It’s no secret, a lot of people are put off simply by the word analytics. It’s a complex subject which covers a range of metrics and not all of them will be relevant to your organisation. Analytics brings a vision of IT geeks trawling through mounds of complex data and extrapolating complicated formula to get to the key information.
And while that’s not necessarily an untrue picture – certainly at the sharp end of web analysis and social media analytics – the basic features of many tools are often simple enough for the everyday user to be able to discover the necessary metrics they need.
Where Should You Start?
Dr. Aleksej Heinze, Visiting Senior Lecturer in Digital Business at Salford University, believes the three key metrics to concentrate on when looking for information about your website and social media analytics are the “Three Vs”:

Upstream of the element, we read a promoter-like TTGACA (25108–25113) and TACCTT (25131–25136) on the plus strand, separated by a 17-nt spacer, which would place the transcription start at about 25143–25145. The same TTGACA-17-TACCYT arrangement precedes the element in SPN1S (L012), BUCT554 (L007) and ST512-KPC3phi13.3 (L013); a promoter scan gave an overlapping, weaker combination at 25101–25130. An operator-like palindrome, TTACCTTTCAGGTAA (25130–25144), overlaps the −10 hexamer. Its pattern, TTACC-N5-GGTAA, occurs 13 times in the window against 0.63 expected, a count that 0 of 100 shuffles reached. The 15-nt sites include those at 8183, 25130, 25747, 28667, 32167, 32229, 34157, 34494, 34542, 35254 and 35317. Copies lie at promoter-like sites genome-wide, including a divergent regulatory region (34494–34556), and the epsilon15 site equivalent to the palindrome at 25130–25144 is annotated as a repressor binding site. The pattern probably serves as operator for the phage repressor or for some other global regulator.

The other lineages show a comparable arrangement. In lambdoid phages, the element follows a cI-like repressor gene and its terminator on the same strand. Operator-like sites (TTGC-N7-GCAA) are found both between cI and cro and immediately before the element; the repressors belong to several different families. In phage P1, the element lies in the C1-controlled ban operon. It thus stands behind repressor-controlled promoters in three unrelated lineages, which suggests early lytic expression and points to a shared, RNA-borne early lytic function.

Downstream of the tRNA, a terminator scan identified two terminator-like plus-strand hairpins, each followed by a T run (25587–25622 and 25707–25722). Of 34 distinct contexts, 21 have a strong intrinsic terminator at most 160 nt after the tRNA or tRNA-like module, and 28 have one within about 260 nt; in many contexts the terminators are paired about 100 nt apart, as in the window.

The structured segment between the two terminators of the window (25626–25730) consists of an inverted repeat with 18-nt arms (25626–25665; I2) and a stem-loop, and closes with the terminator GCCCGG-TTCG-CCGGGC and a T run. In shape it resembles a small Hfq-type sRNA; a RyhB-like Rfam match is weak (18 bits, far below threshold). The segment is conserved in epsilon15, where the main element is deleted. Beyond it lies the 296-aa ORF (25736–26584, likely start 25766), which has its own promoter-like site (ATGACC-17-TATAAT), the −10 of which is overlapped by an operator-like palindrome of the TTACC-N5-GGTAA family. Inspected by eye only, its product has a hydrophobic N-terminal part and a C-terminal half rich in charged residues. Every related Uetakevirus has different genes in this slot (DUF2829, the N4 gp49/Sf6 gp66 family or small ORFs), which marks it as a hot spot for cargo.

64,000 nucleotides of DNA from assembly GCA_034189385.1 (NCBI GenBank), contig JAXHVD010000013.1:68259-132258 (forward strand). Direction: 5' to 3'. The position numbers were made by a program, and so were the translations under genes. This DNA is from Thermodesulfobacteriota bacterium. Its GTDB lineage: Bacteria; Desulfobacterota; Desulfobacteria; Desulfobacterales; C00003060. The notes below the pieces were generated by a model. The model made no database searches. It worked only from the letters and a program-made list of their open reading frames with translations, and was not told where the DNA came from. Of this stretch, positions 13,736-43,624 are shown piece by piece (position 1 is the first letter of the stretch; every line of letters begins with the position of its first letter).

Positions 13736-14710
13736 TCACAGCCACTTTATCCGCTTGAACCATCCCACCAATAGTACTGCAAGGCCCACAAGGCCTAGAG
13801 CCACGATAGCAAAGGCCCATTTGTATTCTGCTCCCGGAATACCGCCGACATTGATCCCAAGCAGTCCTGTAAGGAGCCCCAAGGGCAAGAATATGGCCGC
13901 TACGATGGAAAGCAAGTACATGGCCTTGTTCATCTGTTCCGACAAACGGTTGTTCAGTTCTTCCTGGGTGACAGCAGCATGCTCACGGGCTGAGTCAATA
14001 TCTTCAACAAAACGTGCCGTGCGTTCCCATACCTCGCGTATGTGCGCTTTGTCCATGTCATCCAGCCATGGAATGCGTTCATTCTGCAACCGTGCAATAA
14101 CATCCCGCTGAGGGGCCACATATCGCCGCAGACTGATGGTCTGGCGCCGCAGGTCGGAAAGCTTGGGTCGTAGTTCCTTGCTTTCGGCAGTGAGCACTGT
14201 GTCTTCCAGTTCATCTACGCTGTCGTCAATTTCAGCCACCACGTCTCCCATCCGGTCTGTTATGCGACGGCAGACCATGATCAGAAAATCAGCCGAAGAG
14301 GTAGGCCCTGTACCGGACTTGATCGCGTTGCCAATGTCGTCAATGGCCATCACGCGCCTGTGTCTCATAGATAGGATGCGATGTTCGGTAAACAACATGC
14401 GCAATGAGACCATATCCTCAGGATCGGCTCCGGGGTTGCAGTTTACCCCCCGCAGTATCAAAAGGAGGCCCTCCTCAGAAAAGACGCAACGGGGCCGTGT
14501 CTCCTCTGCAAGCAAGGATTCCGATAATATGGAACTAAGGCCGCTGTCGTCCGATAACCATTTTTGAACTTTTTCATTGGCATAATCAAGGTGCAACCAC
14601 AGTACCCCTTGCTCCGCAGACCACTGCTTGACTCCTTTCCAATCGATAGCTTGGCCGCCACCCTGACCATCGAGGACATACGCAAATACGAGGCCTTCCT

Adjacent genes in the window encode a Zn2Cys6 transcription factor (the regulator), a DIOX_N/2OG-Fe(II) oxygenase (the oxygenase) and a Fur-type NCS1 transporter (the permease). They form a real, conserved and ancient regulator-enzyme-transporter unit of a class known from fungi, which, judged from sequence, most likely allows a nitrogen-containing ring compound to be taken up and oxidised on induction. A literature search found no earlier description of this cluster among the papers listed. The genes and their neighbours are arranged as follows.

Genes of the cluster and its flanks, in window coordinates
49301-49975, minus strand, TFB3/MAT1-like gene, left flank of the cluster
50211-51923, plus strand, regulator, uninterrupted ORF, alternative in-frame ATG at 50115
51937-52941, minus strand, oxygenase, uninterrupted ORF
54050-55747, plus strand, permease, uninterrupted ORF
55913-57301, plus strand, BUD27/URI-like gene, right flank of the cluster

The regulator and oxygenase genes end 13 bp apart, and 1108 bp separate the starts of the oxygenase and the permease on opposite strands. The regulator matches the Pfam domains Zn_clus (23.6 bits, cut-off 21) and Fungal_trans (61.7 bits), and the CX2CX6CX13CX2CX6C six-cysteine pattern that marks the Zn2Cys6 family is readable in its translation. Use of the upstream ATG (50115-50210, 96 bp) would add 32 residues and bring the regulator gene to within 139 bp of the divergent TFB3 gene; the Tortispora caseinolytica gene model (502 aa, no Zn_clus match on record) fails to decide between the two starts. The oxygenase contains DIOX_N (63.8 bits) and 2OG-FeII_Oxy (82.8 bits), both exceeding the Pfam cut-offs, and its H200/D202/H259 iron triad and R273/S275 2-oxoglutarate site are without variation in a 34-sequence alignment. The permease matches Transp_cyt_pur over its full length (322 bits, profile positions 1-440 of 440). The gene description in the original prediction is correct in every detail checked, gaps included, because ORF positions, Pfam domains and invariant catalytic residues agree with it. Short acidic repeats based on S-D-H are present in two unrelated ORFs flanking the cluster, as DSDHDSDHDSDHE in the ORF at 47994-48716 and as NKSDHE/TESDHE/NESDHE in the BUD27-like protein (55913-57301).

- Volume of Visitors – how many people are visiting your site?
- Value of Visitors – what do they spend or which services do they sign up for?
- Brand Visibility – how visible is your brand in search engines, social media networks and on other traffic sources?
He said: “Think strategically about how you are using your website and what you would like to know to measure the success of your website performance.”
Analytics tools help you to establish WHY you post at a specific time of day, WHY you post as frequently, or infrequently, as you do, WHY you use Facebook rather than Twitter (for example) and lets you answer the question “are these the most effective tactics for my brand or business?”